What to Do When Someone Used Your Social Security Number or SSN

by Lynnette Khalfani-Cox, The Money Coach on February 25, 2013

in Identity Theft



If your Social Security card gets stolen or someone picks up your Social Security number from a confidential document, they may use it to steal your identity, access some of your personal information or open unauthorized financial accounts.

 

It’s illegal to use somebody else’s Social Security number, but many victims of identity theft don’t even know that their SSN has been stolen until the damage is done.


 

Unless you are checking your credit report regularly and paying close attention to account statements and other financial documents, there’s a good chance that the identity theft goes unnoticed for quite some time.

 

Here are 5 things you should do if someone used your Social Security Number or SSN:

 

1. Call the Police Immediately as well as the Social Security Administration

Start by filing an official police report with local authorities as soon as you’ve discovered that another person has used your SSN. This police report will be required from you as you contact other agencies – such as the IRS, or your bank – to notify them that you’ve been the victim of ID theft.

 

You should also contact the Social Security Administration when your Social Security number is being misused. Call the SSA office toll-free at 1-800-772-1213.

 

Just be advised that Social Security officials won’t give you a new SSN – except in very rare circumstances. Also, read my advice about the pros and cons when you get a new Social Security number.

 

2. Initiate a Credit Freeze

You will also need to contact the credit bureaus to request a credit freeze on your social security number. Many states allow residents to initiate a credit freeze free of charge.

 

To initiate a freeze, you will need to provide the credit bureaus with a unique PIN or password, verify your identity, and provide other information about any third parties who are authorized to review your credit file.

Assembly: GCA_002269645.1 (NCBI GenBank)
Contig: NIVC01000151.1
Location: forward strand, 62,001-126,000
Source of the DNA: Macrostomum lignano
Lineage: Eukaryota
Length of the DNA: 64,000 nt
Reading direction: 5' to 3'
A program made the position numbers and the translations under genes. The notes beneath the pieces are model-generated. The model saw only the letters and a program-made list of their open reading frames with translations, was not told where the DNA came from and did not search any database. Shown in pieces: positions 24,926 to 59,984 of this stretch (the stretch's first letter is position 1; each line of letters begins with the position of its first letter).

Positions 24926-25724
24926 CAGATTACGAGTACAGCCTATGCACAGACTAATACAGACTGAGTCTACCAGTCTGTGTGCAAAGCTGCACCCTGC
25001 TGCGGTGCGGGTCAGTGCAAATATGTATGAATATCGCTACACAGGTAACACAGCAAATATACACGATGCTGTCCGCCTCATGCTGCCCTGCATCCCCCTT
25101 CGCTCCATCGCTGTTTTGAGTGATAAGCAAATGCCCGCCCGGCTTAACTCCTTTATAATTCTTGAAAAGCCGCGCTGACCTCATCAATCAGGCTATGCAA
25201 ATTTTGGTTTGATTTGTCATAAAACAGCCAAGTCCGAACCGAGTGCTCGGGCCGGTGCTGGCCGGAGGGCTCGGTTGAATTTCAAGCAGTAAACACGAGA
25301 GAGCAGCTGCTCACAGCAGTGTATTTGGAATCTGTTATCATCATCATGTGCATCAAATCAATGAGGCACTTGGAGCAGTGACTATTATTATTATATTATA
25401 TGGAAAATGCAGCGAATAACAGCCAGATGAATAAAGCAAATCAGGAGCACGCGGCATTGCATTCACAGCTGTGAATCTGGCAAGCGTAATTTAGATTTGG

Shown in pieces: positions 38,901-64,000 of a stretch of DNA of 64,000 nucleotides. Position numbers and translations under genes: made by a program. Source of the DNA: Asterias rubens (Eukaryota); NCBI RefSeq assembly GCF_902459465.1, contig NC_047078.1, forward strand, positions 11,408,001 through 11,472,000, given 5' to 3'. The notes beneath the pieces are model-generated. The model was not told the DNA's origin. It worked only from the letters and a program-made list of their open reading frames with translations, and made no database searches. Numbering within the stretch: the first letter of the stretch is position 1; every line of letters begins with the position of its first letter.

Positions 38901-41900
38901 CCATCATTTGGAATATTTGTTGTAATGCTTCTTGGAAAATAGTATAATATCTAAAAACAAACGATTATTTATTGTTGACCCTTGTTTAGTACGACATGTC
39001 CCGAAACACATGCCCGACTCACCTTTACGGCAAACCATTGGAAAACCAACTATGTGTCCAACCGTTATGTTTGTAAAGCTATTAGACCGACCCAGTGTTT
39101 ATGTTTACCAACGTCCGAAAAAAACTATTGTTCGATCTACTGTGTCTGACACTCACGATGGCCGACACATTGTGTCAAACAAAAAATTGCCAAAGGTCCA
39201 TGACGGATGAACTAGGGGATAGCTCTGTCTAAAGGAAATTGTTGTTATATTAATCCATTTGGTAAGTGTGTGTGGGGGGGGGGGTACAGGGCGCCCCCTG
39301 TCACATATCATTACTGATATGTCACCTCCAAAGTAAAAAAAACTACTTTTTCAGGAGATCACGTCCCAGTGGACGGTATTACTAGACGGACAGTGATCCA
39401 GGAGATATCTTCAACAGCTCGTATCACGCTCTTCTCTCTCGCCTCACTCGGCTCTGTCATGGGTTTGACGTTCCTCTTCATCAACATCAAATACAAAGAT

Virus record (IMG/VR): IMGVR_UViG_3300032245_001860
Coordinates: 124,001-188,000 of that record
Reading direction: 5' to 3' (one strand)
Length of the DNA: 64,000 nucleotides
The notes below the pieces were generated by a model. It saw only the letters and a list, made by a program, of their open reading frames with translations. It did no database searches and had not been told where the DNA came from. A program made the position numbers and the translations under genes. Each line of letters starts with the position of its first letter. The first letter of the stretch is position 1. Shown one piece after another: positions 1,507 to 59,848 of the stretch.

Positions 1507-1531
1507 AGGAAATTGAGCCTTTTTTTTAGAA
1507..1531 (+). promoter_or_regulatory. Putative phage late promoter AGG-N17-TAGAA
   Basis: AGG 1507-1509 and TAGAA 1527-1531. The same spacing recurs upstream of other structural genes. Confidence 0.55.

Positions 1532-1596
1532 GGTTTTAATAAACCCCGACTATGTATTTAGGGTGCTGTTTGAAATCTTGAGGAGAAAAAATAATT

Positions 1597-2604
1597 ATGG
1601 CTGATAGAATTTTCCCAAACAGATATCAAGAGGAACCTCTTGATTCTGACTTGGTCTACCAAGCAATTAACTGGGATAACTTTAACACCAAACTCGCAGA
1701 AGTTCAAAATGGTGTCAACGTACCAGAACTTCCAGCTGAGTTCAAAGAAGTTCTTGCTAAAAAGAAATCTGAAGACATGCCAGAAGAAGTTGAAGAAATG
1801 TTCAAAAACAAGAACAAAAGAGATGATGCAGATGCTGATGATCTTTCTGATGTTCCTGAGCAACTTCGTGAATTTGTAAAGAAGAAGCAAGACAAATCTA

Some credit bureaus require that you make your request in writing while others allow you file a request online. Keep in mind that you will need to place a security or credit freeze with each individual credit bureau separately.

 

Even though alerting each credit reporting agency takes extra time and effort, you should do it as soon as possible to prevent someone from further use of your Social Security number.

 

3. Alert the IRS Promptly


When someone steals your Social Security number, they could also try to get a tax refund check that belongs to you, or they might get a job by illegally using your SSN.

 

If you suspect this has happened to you – perhaps because you tried to file taxes, but you got a notice that a 1040 form with your SSN has already been supplied – then you also need to tell the IRS about the matter.

 

The IRS has special forms for you to fill out whenever tax-related ID theft has occurred.

 

4. Contact the Federal Trade Commission

If you’re experiencing credit or other financial problems because someone stole your social security number, you need to identify yourself as a victim of identity theft. Call the FTC at 1-877-IDTHEFT to make sure they know the circumstances surrounding your situation.

 

The FTC tracks identity theft. So the information you provide may help them spot a pattern of fraud.

 

5. Report the Incident to Banks and Credit Card Companies

Lastly, you will need to notify your bank and credit card companies that your Social Security number has been stolen or misused. They may be able to freeze your accounts or flag your accounts for monitoring. Alternatively, for security reasons, they may simply cancel your card and issue you a new one.

 

Either way, don’t be afraid to ask the bank or credit-card company to monitor your account for any suspicious activity going forward. They may be able to track down the thief and help you resolve your case.

 

No matter what happens, if you are curious about the matter and want to know who stole your Social Security number, read this article for advice on how to track down an ID thief.


Related Questions:

  • who is stealing your identity askthemoneycoach
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  • freezing social security number by irs
  • how can social security numbers be misused
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Lynnette Khalfani-Cox, The Money Coach

Personal Finance Expert and Co-Founder at Ask The Money Coach.com
Lynnette Khalfani-Cox, The Money Coach is a personal finance expert, speaker, and author of numerous books on personal finance. She appears frequently as an expert commentator on television, radio and in print.

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